I’m in love. If you had told me that I could stand in an icy stream for hours and be totally attentive and happy, I would not have believed you – that is, until I was introduced to the beauty of fly fishing in northern New Mexico last week.
My teacher was my husband’s grandson, William, who is plans to major in marine biology when he graduates from high school.
William is a smart and passionate fly fisherman, and ties his own flies. These are his, made of fur and feathers and wonderful stuff, very artful assemblages that mimic nature:
William was patient with me in teaching the techniques, but more importantly, he taught me how meditative this kind of fishing is – it’s really not about catching fish, since fly fishing is a catch-and-release partnership – it’s more like a dance.
It’s about the observation of the water and the creatures that inhabit it. And it ‘s about the ritual, such as threading the fly rod with the tippet, the leader, and the line, each of which has its purpose in a successful cast. The purpose of the leader and tippet is to complete the transfer of energy built up in the fly line through the casting stroke through the line and down to the fly so that your line rolls over and straightens itself out if a fairly straight line. Wow.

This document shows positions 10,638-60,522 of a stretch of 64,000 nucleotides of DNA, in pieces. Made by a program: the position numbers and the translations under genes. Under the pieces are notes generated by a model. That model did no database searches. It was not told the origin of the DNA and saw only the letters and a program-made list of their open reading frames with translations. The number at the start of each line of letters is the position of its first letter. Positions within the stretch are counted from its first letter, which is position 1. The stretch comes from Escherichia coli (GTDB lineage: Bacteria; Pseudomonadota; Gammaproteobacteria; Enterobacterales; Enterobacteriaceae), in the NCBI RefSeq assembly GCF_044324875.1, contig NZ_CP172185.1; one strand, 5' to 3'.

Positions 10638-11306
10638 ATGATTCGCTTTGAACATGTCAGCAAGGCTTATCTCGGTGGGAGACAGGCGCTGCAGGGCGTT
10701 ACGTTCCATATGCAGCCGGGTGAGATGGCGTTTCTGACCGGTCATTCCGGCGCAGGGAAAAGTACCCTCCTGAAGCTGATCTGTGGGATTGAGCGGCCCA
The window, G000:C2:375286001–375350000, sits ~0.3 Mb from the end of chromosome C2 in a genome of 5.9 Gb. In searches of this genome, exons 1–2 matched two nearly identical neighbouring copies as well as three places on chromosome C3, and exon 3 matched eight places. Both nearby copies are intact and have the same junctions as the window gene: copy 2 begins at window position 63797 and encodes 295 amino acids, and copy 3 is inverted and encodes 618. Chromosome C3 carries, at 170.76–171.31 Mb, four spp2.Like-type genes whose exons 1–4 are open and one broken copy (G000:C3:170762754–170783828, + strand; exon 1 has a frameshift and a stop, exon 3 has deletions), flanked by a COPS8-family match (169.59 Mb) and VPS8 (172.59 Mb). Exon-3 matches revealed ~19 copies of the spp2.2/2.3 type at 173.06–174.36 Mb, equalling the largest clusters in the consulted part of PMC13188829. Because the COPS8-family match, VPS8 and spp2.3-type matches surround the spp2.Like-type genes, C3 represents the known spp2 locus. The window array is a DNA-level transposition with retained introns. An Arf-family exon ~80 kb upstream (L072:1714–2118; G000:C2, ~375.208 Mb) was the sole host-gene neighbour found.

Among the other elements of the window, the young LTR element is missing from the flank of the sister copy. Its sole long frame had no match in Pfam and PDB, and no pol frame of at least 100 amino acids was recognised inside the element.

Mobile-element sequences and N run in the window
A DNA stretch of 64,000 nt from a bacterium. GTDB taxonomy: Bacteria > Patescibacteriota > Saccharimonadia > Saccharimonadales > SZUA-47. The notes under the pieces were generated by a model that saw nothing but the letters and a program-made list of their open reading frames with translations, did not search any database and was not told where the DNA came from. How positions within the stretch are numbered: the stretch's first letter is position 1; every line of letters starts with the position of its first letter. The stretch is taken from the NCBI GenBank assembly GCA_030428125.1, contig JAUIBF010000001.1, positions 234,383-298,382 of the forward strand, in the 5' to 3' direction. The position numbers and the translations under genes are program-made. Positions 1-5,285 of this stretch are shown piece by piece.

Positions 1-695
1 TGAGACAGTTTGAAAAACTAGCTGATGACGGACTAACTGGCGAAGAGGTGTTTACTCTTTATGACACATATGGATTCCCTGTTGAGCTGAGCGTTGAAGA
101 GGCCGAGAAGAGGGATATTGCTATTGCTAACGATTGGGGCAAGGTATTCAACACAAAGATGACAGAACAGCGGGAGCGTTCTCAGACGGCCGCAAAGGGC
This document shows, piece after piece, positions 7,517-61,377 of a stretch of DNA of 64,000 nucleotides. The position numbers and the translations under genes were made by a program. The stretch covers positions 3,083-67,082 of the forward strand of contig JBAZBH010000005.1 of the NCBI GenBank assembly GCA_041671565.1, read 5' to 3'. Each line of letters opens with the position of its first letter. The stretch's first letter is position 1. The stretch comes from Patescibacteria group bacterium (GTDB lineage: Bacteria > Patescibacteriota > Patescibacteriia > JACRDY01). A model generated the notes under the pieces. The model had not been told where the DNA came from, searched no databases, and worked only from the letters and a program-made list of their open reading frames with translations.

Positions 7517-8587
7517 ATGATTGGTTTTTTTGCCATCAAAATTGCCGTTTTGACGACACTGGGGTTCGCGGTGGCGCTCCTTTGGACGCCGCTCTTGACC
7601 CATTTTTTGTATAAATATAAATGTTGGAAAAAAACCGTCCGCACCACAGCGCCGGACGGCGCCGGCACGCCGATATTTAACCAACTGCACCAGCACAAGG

I also want to learn to tie my own flies – talk about an art. William told me that there are two kinds- wet and dry. This is a dry fly, one he made and floated in a glass to show me how it mimics a mayfly.
Lest I get too zen-like about all of this, it’s also about getting your line stuck in a tree across the stream. AAcckk!! But William saved me by patiently untangling the line.
Quite honestly, I’ve been totally entranced by this. You are alone with your thoughts, your rod and your serenity. You hear the rushing water and you stand and you wait. You cast and you wait. It’s peaceful. It’s rhythmic. For someone like me who can’t sit still for a minute, this is a revelation.
I’ll never be more than a rank beginner – there are people who devote their lives to this – but the gift of this discovery for me is a peaceful mind, a spiritual concentration, and an immersion in natural rhythms. Thanks, William, for showing me something wonderful! I came back from the trip with a new energy and a feeling of accomplishment.